Commentary and opinion on national and regional politics by Seema Malhotra

Friday, 13 March 2009

The Day the Tories said Goodbye to the Women's Vote

(This blog was also posted on LabourList today)

The attacks on Harriet Harman at Business Questions were the most vicious and sexist I have heard for a long time. She was right to not dignify their questions with an answer.
It is beyond me why valuable time in Parliament, at a time of recession and a need for hope and confidence in our country, that the Tory frontbench finds it is more productive to talk about the shoes that women MPs are wearing.

If the Tories want to talk about their record on women in political life, then yes, let’s have that debate.

They talk about having had the first woman Prime Minister. So what was her record?
At which point did Margaret Thatcher have six or more women in her Cabinet, which we have seen almost consistently under both Tony Blair and Gordon Brown? At which point, under and since Margaret Thatcher, did the Tories have the majority of women in the House of Commons? Currently women make up more than 50% of the population, but 19.4% of MPs. After the 2005 election, the Tories had 17 women MPs, and the Labour Party had 98. Even the Liberal Democrats are hot on their tails with 10 women MPs.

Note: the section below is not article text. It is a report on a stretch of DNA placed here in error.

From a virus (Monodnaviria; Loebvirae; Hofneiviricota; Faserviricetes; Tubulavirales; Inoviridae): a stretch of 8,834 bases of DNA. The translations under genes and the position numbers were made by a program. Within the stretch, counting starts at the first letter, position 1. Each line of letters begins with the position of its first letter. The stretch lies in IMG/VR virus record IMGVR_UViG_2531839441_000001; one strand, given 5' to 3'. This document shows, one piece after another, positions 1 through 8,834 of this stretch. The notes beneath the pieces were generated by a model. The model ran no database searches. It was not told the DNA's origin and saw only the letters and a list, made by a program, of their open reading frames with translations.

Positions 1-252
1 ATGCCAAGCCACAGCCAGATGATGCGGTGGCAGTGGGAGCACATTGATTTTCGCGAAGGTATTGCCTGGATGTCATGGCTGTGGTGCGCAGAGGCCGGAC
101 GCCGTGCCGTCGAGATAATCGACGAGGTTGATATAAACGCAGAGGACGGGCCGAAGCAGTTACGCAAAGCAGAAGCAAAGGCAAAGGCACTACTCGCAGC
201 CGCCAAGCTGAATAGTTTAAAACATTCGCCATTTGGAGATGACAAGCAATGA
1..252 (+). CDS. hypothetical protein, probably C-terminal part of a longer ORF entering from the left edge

So maybe we should take a look at local councillors. At 2008, we had 30.8% of women councillors. 0.8% of councillors (149) are ethnic minority women. Of these 149 heroines of our nation, 20% are in the Tory councillors, and 64% are Labour councillors.

Perhaps we should move to the positive action measures the Tories have in place. The A list? Say no more.

No, yesterday was truly the day that Cameron’s Conservatives showed themselves to be what they really are – and how stuck in the past they are. And the point is that individual Tory women MPs may want to see things change, but they will never have the critical mass of numbers of women at the top in the Tory Party that research shows any organisation, public or private, needs in order to turn things around and shake up the deeper cultural issues that hold back progress.

The demonstration of the Tories at Business Questions of the kind of Yah Boo politics that turns women off politics. Their performance was about playing to their schoolboy chums on the back benches, not about playing a public role in the nation’s political life.
Politics should be about principles and about debate. Not a debate about women’s attire that would be more appropriate for the sort of debate Parliament might have expected 200 years ago. If there is such disrespect for women politicians on the side of the Tories, how can women ever expect that they will be defenders of their needs and rights in Parliament.

Yesterday was truly the day that the Tories said goodbye to women’s votes. Every woman (and principled man) should listen to the debate and spread the word